At some point, you’d think brands would have learned a very important, almost painfully commonsense lesson about the internet: If you put your trust in random strangers online, you will be rewarded with reactions ranging from benign to horrific and everywhere in between.
Remember when England’s National Environment Research Council asked the internet to come up with and vote for a name for their polar research ship and ended up with “Boaty McBoatface?” While that moniker was eventually amended to the RRS Sir David Attenborough, if you think there was some sort of takeaway from that debacle, you’d be wrong. There was the zoo that, when asking Twitter to name a baby gorilla, garnered a tidal wave of “Harambes” and “Harambe Juniors.” And before these blunders, we had a Mountain Dew pizza restaurant naming a drink “Diabeetus” and a couple of new parents coming away from a baby-naming poll with “Cthulu All-Spark.” Clearly, it’s going to take some time, some total catastrophe, or both to knock some sense into marketers’ brains.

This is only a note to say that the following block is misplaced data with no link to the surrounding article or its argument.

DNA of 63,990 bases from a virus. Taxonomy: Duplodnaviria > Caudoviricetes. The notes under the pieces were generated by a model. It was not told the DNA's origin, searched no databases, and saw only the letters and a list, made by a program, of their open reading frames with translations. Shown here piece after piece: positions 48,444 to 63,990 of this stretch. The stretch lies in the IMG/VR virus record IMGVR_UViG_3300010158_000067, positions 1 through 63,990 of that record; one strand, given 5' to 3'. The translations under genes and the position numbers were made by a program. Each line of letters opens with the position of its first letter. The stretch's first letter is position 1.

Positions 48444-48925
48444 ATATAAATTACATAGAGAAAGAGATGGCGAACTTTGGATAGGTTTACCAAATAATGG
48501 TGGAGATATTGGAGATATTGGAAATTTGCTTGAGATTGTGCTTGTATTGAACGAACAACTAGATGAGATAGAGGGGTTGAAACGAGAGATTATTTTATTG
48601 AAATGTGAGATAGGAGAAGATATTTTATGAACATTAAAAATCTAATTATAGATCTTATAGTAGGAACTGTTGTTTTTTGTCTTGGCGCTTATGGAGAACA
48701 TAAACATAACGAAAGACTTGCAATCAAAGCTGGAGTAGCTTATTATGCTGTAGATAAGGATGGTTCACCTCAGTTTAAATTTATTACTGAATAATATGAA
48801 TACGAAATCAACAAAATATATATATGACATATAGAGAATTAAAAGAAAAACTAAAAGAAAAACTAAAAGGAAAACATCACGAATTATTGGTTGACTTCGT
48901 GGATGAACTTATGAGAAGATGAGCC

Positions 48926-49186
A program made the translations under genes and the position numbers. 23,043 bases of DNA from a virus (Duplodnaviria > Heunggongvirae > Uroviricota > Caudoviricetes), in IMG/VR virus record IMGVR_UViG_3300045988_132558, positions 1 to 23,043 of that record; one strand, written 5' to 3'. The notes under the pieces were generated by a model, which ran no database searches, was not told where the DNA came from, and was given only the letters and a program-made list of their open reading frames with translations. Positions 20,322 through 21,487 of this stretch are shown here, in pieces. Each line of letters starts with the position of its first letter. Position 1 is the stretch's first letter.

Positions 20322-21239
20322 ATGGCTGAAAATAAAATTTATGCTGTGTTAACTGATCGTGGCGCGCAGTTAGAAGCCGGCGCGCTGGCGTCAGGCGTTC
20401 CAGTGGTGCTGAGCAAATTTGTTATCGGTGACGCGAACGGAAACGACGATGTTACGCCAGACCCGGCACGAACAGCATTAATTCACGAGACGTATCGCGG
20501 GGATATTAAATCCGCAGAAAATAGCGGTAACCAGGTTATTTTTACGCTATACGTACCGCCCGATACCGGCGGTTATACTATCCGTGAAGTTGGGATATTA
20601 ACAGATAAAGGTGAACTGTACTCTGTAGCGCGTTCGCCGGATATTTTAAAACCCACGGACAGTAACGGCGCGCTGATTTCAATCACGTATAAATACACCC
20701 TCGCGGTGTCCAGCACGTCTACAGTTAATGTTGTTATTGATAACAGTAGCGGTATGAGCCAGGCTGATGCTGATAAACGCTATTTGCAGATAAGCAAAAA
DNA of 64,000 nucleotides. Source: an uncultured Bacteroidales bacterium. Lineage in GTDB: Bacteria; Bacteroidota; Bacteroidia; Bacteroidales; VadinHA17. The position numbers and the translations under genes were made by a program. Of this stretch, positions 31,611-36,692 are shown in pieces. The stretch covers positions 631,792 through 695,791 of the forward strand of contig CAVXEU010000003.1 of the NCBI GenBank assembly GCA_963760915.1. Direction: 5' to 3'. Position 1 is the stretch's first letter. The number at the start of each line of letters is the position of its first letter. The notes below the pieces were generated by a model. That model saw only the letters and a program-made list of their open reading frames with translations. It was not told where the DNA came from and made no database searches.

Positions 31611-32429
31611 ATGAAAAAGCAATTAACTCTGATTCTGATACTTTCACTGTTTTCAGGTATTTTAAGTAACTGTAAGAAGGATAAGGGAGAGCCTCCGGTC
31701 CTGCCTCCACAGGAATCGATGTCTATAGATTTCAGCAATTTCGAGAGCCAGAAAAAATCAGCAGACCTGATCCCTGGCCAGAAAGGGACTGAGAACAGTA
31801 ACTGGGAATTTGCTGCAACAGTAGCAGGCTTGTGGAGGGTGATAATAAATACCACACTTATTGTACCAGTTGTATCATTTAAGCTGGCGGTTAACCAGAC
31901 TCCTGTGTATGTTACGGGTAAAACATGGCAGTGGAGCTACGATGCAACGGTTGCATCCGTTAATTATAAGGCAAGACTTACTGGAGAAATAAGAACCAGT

The latest iteration of this genius marketing stunt? Lay’s potato chips recently asked the online world to come up with new flavors of the classic snack—their campaign was called “Do Us A Flavor.” Naturally, the 4chan crowd didn’t disappoint:
These chips really speak to me.
The rest of the efforts are equally genius.
You know what? Who knows—maybe this is exactly what these companies are going for. These kinds of snafus generate tons of hilarious buzz that, in the long-term, seems to relatively harmless for the brands themselves. This could very well be a bit of legitimately prescient marketing insight.
But for now, it’s just as convenient—and much more fun—to think of this kind of situation as a brand getting its just desserts from a function of the internet over which communities like 4chan and reddit reign supreme.